ICBC is vigorously denying claims by a lawyer that it is unwilling to help a couple badly hurt in a crash on Saturday morning.
The Crown corporation says lawyer Wes Mussio is incorrect in stating that ICBC is refusing to pay up-front for any of the medical bills incurred by Brandon Gullickson and Cassy Dryden, and questions why a halo brace needed for Dryden’s broken neck would require any payment, as that would be part of medical treatment.
Spokesman Adam Grossman said ICBC would “be taking stern (legal) action against him (Mussio) for his comments” to The Times.
Grossman said that ICBC first heard about the 2 a.m. Saturday crash at Fraser Highway and 176 Street in Surrey on Monday, when a claim was made. The claimant, whose identity he is unsure of, stated that Gullickson was driving his car, hit a parked car and pushed it into another. This is at odds with what The Times was told, that Gullickson was actually trying to jump start a stalled vehicle, when his parked vehicle was hit from behind.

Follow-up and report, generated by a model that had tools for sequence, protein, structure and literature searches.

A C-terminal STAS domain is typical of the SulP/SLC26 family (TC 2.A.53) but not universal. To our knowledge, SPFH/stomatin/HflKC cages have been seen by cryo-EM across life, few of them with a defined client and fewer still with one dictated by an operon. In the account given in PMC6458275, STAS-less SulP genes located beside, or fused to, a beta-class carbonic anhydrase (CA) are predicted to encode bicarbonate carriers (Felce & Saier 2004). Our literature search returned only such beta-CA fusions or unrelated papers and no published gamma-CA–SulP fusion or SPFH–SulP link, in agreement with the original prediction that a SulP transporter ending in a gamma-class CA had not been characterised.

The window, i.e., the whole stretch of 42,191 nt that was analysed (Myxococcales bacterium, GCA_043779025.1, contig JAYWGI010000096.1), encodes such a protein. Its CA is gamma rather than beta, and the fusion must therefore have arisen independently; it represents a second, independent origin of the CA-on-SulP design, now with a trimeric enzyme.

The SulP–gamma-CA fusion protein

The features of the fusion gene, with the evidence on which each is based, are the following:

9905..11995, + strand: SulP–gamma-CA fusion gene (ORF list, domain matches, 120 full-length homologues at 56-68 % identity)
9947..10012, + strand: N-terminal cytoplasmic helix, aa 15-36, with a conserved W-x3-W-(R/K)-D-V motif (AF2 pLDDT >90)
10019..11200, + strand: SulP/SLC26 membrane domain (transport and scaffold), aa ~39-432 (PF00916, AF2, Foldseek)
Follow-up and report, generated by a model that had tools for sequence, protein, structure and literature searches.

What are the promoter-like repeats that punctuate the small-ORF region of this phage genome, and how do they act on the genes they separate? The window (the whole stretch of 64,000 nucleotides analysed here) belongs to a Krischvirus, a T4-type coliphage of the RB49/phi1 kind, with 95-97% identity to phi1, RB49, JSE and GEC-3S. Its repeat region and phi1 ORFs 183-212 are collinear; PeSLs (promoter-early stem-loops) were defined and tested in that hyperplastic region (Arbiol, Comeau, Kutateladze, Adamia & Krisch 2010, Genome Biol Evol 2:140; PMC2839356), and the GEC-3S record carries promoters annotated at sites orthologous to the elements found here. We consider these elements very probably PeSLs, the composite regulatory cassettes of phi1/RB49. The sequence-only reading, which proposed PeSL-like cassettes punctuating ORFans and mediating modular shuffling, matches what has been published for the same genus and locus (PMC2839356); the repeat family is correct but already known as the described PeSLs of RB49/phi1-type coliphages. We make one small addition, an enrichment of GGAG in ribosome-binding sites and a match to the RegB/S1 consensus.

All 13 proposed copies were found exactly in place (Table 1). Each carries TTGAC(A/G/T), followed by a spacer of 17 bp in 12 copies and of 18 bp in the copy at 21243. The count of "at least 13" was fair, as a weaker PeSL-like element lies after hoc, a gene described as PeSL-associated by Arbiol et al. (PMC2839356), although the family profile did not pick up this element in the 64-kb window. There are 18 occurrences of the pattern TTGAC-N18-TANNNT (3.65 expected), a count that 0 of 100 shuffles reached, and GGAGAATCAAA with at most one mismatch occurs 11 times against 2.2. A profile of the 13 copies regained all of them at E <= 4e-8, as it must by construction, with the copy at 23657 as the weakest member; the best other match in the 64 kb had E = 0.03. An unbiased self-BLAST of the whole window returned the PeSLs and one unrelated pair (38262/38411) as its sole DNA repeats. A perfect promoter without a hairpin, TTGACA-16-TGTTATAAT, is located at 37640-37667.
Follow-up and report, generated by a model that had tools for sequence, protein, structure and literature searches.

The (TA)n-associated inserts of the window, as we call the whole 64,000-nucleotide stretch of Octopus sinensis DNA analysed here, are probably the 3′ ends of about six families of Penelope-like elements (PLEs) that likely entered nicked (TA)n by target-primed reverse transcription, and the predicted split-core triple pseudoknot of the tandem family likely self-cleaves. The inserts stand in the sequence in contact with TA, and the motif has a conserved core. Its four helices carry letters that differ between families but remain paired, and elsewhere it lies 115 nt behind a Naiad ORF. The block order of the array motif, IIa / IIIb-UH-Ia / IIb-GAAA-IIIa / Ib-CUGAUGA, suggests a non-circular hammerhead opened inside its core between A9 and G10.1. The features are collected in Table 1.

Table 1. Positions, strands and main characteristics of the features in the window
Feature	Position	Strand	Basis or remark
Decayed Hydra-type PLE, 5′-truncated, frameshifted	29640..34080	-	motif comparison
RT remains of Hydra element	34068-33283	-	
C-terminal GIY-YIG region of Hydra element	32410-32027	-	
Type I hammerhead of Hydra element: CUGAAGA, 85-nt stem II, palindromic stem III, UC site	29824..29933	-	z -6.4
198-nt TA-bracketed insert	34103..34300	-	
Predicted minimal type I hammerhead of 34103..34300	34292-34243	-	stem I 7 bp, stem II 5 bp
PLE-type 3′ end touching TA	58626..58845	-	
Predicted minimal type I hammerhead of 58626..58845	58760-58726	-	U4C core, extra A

Grossman said ICBC knew little else about the crash until the initial Times story appeared online late Tuesday. Mussio’s comments, made to The Times Wednesday morning, are untrue because ICBC has not refused to pay for anything. Mussio hasn’t even talked to ICBC, Grossman said.
The insurance company has placed two calls to the lawyer’s office, which had not been returned as of late Wednesday afternoon. Its rehab co-ordinator has also asked for, but not yet not received, information from Royal Columbian Hospital, where the two are recuperating.
“The injuries they (Gullickson and Mussio) suffered are incredibly tragic,” Grossman said.
He added that if Gullickson was indeed helping to jump-start a car, he would not be an at-fault driver, and would be considered to have been struck by the car as a pedestrian.